Doing laundry can at times be a confusing venture. While in some cases, garments have a care tag showing the wash and dry instructions in plain English (along with a few other languages, typically), that isn't always the situation. Many pieces of clothing instead opt for care tags that eschew clear instructions in favor of a confusing array of symbols.
These hieroglyphics of squares, circles, open-topped trapezoids and squiggly lines seem impossible to decipher if you don't know what to look for. But once you understand the basic tenets behind these symbols, they suddenly become remarkably simple to understand. Below, I've laid out the most common laundry symbols you're likely to encounter the next time you do a load. Granted, this isn't a comprehensive list — there are symbols out there for practically every laundering situation imaginable — but with this foundation, you'll know your way around most care tags.
If you see this symbol, it means it's safe to put your clothes in the washing machine.
Come across this guy, and you'll have to wash your clothes by hand rather than in the washer.
When this symbol rears its ugly head, a trip to the dry cleaners is in order.
Some items you may be tempted to dry clean, but if you ever see this symbol, you should avoid doing so or else risk ruining your clothes.
This symbol is not giving you permission not to clean your garment. Instead, it's telling you not to put it in the washing machine. Stick with hand washing or dry cleaning, depending on what other symbols appear.
Your eyes do not deceive you: this is the same symbol as "Machine Wash." If you see it without additional wash instructions, it means your machine's regular cycle is fine.
A single line under the machine symbol signifies that the permanent press cycle should be used.
Got two lines under your normal machine symbol? Time for the gentle cycle.
A single filled-in circle inside your machine symbol means you need to do a cold wash. Alternatively, this is sometimes represented by the number 30 (for 30 degrees celsius) in place of the circle.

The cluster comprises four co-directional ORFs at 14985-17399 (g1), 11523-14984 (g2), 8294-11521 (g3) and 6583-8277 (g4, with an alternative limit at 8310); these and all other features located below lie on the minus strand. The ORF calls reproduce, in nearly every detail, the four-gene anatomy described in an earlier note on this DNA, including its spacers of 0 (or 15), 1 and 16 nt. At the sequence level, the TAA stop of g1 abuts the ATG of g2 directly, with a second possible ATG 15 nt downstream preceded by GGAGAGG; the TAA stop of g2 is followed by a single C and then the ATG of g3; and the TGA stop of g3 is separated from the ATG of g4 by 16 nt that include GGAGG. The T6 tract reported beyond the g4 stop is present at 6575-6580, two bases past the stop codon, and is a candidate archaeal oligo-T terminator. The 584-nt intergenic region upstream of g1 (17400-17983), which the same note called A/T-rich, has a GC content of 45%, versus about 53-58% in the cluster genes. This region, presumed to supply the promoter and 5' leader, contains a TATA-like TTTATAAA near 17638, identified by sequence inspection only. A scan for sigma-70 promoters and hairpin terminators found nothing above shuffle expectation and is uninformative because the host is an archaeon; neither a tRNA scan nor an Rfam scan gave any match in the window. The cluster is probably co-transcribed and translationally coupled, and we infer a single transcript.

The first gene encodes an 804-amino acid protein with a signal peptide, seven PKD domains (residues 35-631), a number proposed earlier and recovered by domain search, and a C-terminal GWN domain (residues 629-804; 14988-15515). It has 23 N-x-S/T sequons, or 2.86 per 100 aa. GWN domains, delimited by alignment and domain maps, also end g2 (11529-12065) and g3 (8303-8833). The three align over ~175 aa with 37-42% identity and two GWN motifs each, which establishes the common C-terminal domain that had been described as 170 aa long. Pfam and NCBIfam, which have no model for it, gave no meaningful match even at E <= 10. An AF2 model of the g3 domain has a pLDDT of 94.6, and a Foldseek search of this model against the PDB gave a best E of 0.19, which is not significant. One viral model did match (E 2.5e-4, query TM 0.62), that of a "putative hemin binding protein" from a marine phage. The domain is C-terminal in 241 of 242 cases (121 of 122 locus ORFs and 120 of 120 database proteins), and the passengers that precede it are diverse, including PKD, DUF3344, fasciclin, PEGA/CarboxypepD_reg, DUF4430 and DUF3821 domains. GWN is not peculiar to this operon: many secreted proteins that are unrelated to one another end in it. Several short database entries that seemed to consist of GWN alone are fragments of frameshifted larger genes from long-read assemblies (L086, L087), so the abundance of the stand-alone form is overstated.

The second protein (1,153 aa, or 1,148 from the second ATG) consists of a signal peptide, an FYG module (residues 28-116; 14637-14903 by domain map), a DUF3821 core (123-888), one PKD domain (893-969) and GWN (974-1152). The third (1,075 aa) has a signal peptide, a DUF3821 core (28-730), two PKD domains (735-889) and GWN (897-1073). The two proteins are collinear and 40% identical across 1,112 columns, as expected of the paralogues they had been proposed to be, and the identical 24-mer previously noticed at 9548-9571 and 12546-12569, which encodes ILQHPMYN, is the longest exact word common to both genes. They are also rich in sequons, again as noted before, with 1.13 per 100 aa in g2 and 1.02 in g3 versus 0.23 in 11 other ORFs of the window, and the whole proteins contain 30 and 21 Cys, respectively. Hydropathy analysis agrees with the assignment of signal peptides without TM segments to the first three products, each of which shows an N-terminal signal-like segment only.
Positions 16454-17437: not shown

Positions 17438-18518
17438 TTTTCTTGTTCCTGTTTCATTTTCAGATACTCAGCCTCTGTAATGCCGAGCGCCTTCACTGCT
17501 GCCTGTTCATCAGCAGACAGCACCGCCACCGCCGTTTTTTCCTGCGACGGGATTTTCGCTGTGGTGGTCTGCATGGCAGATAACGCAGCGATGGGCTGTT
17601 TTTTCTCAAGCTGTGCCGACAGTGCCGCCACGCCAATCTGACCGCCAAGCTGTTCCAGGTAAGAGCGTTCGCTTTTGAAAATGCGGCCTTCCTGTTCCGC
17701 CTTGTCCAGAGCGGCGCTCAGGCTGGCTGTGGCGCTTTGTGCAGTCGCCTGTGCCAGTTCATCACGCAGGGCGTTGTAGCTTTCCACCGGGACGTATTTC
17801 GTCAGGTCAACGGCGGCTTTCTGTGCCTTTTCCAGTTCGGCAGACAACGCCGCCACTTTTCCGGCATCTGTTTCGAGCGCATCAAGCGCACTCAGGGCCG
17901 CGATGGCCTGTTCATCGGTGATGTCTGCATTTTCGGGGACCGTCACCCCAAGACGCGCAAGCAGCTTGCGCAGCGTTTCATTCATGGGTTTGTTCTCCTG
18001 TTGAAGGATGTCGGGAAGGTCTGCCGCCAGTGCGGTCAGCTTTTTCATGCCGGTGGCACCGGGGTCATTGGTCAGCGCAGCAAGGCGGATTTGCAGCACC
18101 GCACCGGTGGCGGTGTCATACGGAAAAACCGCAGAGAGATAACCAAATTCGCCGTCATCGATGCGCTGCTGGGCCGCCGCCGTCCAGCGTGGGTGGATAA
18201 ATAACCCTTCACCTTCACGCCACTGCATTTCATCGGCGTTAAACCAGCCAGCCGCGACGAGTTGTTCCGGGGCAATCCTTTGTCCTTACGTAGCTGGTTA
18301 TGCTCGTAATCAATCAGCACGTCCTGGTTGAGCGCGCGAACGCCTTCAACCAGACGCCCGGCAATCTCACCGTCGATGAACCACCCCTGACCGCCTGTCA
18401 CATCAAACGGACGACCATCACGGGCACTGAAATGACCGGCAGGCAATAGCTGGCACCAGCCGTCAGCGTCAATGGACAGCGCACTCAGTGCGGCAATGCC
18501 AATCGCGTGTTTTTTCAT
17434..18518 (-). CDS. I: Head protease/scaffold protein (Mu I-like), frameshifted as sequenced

Two filled-in circles calls for a warm wash. This is sometimes represented by a 40 in place of the two dots.
You're probably getting the hang of this now. 3 dots = a hot wash, but it sometimes is represented by a 50 instead.
One of the best symbols to see on a care tag, this one means you're free to toss your clothes in the dryer and don't have to worry about finding a place to hang them.
On the flip side, this one is a bummer, as it means you're either going to have to line-dry your clothes or dry them flat.
This symbol means your clothes must be hung to dry rather than machine-dried. A similar symbol — a square with two diagonal lines in the upper lefthand corner — means to line dry them in the shade, out of the sun.
Often seen on sweaters, finicky garments with this symbol can't be tumble-dried or line-dried. Instead, they must be laid flat to dry, otherwise, they can become stretched out and lose their shape.
This is basically the same as line-drying, but it indicates a fabric that's going to come out of the wash wetter than a line-dry item. You typically want to hang items with this symbol in the shower to dry in order to avoid a mess.
You may be tempted to wring out especially wet clothes (see above), but if you see this symbol, don't do it unless you want a misshapen garment.
Just like with machine washing, the presence of the "Tumble Dry" symbol here with no other drying instructions means you can dry on the normal setting.
Also borrowed from machine-washing symbols, the single line here indicates a permanent press dryer cycle.
One more line here, just like with machine washing, means you want your dryer's gentlest setting.
That huge filled-in circle is a strong indicator that tumbling is ok, but heat is definitely not.
Annnnnd we're back to familiar symbols. One small filled-in circle inside the dryer symbol means you should stick to the low heat setting.
Two dots means medium heat, just like with the washing symbols.
Got three dots? Go ahead and crank the dryer's heat to full blast.
See? This is getting easy now. One filled-in circle means iron on low heat.
Two circles: medium heat.
Three circles: no heat. Kidding, it's high heat, just keeping you on your toes.
Typically when ironing something, you'll want to use steam to get the wrinkles out, but this symbol means you should avoid doing so. It also, naturally, means you shouldn't use a garment steamer, either.
When you see the crossed-out iron symbol, it's time to put away your iron.
A plain triangle means you can bleach to your heart's content (or, you know, follow the instructions on your bottle).
Heed this symbol unless you want a bunch of bleach stains on your clothes (you don't).
An even stronger anti-bleach symbol than above, as indicated by the big "X."